‘Vaxxed to the max’: Feds launch Ask an Expert campaign to encourage COVID shots

Survey shows that confidence in vaccines has risen this spring

Children’s shoes and flowers are shown after being placed outside the Ontario legislature in Toronto on Monday, May 31, 2021. THE CANADIAN PRESS/Frank Gunn
Ontario commits $10 million to investigate burial sites at residential schools

Truth and Reconciliation Commission identified 12 locations of unmarked burial sites in Ontario

Two hundred and fifteen lights are placed on the lawn outside the Residential School in Kamloops, B.C., Saturday, June, 13, 2021. The remains of 215 children were discovered buried near the former Kamloops Indian Residential School earlier this month. THE CANADIAN PRESS/Jonathan Hayward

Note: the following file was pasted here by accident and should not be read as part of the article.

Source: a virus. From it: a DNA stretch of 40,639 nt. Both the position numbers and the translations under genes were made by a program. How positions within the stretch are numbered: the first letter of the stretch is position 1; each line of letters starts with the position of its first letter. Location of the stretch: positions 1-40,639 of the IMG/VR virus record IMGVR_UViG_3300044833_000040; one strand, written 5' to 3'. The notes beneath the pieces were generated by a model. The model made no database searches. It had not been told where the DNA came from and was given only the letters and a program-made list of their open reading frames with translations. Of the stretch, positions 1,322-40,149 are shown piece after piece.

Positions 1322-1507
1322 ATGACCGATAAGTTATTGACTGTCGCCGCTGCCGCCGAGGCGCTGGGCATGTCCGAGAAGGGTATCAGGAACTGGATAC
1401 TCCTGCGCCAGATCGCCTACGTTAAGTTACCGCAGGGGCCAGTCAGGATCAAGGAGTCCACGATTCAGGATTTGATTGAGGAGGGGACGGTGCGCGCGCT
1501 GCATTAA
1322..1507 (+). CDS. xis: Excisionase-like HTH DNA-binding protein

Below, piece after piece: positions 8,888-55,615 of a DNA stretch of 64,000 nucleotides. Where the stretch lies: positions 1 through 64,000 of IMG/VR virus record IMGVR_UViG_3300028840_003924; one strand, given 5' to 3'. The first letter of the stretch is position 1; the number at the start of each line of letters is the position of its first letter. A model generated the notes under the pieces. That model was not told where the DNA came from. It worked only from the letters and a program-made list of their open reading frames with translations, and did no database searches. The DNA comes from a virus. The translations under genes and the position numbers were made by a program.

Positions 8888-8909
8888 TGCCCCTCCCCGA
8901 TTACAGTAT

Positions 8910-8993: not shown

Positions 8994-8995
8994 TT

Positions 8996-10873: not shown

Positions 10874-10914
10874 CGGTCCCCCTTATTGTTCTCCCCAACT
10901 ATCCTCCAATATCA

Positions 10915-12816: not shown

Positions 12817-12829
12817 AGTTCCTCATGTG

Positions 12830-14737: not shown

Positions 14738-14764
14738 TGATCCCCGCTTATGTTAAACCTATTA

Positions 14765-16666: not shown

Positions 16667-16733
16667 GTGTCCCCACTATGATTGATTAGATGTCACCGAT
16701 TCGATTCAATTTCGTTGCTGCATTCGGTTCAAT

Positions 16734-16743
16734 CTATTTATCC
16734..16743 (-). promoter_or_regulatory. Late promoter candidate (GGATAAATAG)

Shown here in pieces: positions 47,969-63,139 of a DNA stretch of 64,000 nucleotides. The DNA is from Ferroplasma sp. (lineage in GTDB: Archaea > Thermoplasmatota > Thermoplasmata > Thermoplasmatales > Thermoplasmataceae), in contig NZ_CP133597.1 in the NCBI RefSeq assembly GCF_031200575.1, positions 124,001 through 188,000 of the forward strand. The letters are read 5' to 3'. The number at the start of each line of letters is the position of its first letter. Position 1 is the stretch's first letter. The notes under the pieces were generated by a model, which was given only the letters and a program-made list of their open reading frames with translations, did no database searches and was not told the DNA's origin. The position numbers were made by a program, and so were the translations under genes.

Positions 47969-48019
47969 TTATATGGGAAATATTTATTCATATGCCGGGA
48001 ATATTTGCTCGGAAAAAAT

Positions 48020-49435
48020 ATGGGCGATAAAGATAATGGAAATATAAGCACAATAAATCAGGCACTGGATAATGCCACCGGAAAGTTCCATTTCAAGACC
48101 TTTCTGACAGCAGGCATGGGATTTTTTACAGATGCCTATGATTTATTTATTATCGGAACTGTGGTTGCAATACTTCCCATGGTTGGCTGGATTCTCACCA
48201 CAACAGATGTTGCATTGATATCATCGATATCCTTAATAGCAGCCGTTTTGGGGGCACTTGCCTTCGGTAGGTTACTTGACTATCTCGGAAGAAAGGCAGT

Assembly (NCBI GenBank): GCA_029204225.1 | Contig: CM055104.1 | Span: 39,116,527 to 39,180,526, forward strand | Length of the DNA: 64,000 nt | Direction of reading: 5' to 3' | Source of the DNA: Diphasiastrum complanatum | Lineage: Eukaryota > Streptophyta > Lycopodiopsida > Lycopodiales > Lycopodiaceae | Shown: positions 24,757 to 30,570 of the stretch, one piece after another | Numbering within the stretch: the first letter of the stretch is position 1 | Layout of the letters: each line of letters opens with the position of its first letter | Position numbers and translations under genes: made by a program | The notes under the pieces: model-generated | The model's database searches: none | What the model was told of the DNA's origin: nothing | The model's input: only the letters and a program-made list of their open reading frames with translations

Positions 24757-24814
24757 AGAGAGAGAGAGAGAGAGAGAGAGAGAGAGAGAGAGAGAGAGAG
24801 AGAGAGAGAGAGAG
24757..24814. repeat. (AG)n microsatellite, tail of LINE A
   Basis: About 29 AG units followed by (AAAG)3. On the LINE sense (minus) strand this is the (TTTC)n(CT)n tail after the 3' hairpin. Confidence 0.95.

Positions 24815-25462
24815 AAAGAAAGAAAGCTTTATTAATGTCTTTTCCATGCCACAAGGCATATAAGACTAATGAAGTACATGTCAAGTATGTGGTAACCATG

Days after Kamloops remains discovery, Tk’emlups families gather to unite, move ahead

‘We have to work together because this is going to be setting a precedent for the rest of the country’

In this Saturday, May 29, 2021, file photo, people crowd the Santa Monica Pier in Santa Monica, Calif. California, the first state in America to put in place a coronavirus lockdown, is now turning a page on the pandemic. Most of California’s coronavirus restrictions will disappear Tuesday, June 15, 2021. (AP Photo/Damian Dovarganes, File)
With COVID tamed, it’s a ‘grand reopening’ in California

No more state rules on social distancing, no more limits on capacity, no more mandatory masks

Most Read